No lifetime allowance left? Why not look at Venture Capital Trusts?
The recent changes to the pension lifetime allowance and dividend taxation has brought to light the usefulness of Venture Capital Trusts (VCTs) for retirement planning for doctors. This is highlighted by the rise in demand for VCTs; the Association of Investment Companies recorded that VCTs have raised £458 million for the 2015/16 tax year, more than any other year in a decade. With investments of up to £200,000 per doctor per tax year, there is no capital gains tax associated with VCTs and doctors will also receive a tax rebate to the value of 30% of the amount invested (on condition that the VCTs are held for at least 5 years). For example, if a doctor were to invest £100,000, he or she would receive £30,000 in the form of a tax rebate, making VCTs an incredibly tax efficient method for retirement planning as an alternative or perhaps alongside using a pension.
Pension lifetime allowance has significantly decreased
As many doctors will now be aware, the pension lifetime allowance has reduced from £1.25 million in the previous tax year to £1 million in the current tax year, which is significantly lower than the 2010/2011 tax year when the lifetime allowance was £1.8 million. This is a problem particularly for younger doctors with decades of pension growth ahead of them. Additionally, a tapered annual contribution limit has been introduced which erodes a doctor's annual allowance by £1 for every £2 of adjusted annual income earned over £150,000 down to a minimum of £10,000. Therefore a doctor who earns £210,000 a year would have an annual pension allowance of £10,000. The penalty for exceeding the lifetime allowance is a severe tax charge of 55%.Therefore it is wise for doctors to at least consider VCTs as a tax efficient alternative method of saving for retirement if you are likely to exceed your annual or lifetime allowance.
Change in dividend taxation
The new legislation regarding dividend taxation has allowed doctors to receive £5,000 of dividends a year without being taxed. For example, a doctor would need a FTSE 100 portfolio of well over £100,000 (at the current yield) before they are required to pay any tax on dividends received. However for dividends that exceed £5,000, the taxation rates are as follows:
• 7.5% basic rate
• 32.5% higher rate
• 38.1% additional rate
Therefore for doctors making private earnings through Ltd Companies and for high earning doctors in general are likely to be worse off than before the new tax rules were implemented due to the increase in the additional rate of dividend tax from 37.5% to 38.1%. It is therefore wise and more tax efficient for doctors with Ltd Companies to start using VCTs to extract their profits.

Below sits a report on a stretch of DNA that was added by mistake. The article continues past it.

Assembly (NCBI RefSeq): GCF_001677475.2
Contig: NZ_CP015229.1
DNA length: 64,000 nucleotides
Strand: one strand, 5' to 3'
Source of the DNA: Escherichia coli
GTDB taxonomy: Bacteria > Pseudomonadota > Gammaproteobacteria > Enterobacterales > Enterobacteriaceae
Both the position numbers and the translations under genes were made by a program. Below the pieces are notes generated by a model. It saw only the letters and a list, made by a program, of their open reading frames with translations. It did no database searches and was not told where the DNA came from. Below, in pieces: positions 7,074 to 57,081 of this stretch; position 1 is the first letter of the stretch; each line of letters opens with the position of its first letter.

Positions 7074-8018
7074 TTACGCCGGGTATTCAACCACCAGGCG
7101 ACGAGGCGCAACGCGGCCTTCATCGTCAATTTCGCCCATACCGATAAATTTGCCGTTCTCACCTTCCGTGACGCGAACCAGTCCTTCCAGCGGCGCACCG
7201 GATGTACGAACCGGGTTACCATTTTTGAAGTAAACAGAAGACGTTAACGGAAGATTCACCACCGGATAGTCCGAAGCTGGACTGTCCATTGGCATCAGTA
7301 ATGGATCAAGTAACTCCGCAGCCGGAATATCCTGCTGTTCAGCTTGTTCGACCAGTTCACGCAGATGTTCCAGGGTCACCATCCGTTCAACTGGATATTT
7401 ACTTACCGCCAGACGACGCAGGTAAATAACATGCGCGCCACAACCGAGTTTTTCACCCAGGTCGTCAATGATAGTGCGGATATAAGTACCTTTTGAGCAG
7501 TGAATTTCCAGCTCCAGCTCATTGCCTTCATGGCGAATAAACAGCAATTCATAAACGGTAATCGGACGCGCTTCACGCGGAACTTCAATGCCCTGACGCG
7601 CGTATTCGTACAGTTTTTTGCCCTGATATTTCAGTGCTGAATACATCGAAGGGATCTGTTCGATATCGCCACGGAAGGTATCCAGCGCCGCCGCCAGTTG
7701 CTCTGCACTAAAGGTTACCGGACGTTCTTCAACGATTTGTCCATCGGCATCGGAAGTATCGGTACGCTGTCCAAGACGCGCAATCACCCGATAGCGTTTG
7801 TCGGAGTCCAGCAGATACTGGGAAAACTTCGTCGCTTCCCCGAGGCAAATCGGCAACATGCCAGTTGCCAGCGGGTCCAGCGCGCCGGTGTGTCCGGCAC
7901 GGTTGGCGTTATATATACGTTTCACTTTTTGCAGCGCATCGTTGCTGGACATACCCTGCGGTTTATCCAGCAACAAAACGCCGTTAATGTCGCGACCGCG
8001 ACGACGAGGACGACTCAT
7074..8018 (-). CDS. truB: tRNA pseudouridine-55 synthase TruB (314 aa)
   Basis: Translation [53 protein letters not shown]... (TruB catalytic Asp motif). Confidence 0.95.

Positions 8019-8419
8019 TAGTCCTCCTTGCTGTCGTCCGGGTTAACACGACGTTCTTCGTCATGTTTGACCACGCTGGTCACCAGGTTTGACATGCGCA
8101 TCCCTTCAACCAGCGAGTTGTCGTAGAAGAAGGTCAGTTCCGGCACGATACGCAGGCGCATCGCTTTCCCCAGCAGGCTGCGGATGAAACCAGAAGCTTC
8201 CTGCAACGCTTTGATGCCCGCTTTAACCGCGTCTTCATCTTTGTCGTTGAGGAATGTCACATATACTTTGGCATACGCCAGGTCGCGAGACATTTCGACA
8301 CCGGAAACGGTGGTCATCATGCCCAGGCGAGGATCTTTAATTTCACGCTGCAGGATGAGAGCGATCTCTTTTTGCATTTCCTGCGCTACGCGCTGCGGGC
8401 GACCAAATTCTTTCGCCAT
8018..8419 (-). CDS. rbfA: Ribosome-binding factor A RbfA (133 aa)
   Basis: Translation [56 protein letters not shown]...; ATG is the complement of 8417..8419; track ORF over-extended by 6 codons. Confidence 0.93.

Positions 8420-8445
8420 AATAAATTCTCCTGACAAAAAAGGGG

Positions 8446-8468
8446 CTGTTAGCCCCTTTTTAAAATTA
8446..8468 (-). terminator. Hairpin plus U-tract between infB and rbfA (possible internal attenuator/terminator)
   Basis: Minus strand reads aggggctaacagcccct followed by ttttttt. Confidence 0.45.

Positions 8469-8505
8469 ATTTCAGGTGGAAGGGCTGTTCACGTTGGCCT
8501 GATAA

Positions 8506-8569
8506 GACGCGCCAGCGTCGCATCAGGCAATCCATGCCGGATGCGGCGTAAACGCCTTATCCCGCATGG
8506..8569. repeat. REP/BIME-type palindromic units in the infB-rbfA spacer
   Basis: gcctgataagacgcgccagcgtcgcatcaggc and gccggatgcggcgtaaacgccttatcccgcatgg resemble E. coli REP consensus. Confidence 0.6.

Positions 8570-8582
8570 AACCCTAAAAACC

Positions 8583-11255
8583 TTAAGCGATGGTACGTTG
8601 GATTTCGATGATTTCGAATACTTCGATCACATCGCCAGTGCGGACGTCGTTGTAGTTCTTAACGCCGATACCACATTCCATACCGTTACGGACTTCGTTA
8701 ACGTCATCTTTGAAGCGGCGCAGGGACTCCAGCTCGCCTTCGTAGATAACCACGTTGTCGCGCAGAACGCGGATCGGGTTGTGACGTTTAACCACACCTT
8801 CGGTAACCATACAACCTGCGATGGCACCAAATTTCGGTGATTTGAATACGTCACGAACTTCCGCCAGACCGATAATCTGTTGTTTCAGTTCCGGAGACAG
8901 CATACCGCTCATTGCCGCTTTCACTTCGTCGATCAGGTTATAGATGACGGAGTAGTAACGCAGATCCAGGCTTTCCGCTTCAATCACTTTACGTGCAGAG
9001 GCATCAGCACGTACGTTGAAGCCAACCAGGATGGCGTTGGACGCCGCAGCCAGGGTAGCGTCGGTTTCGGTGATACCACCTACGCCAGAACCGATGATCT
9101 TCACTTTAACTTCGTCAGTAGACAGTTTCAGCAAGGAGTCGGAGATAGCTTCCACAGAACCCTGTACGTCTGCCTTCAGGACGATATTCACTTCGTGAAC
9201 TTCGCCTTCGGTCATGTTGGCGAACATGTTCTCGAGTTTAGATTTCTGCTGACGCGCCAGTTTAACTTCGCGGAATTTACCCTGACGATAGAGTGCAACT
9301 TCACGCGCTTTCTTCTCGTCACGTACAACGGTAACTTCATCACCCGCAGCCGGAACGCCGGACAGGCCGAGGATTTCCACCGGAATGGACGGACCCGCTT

VCT rule changes
The Finance Act 2016 has introduced new legislation to ensure that investment into VCTs are directed towards higher potential, smaller companies that are likely to yield the highest long term returns. However unlike the change in pension legislation, the new rules introduced for VCTs do not affect the VCT tax wrapper itself, which means VCTs will still benefit from the same tax advantages as they previously have done. The new rules are listed below:
• A lifetime cap of 12 million on the amount of funding that a company can receive from VCTs and Enterprise Investment Scheme (EIS) Sources.
• An age limit of seven years during which the first VCT or EIS investment must be made.
• A restriction on VCT money being used simply to transfer ownership of a company or trade – VCT money must explicitly be used to fund growth and development.
• Tighter restrictions on what VCTs can do with their money while waiting to make qualifying investments.
The new rules will not affect existing VCT investments and there is no requirement to sell any holdings that exceed the new limits. The new rules only apply to new VCTs issued.
An interesting extension to the new legislation that has been introduced is the concept of 'knowledge – intensive' companies. Companies that are deemed to be highly skilled or meet specific 'innovation' criteria will benefit from an increased funding cap to £20 million from the standard £12 million. This is designed to encourage investment into new companies with greater growth potential.
However it is important to remember that thorough research into which VCTs you are most likely to benefit from is required before investing. The reduced number of VCTs open for investment in recent years, along with the increased demand means that the most popular VCTs will become 'out of stock' very quickly, so once you spot the right opportunity, act!
If you are a doctor looking for alternative tax efficient investments please contact Richard Higgs on 0117 966 5699 or email@example.com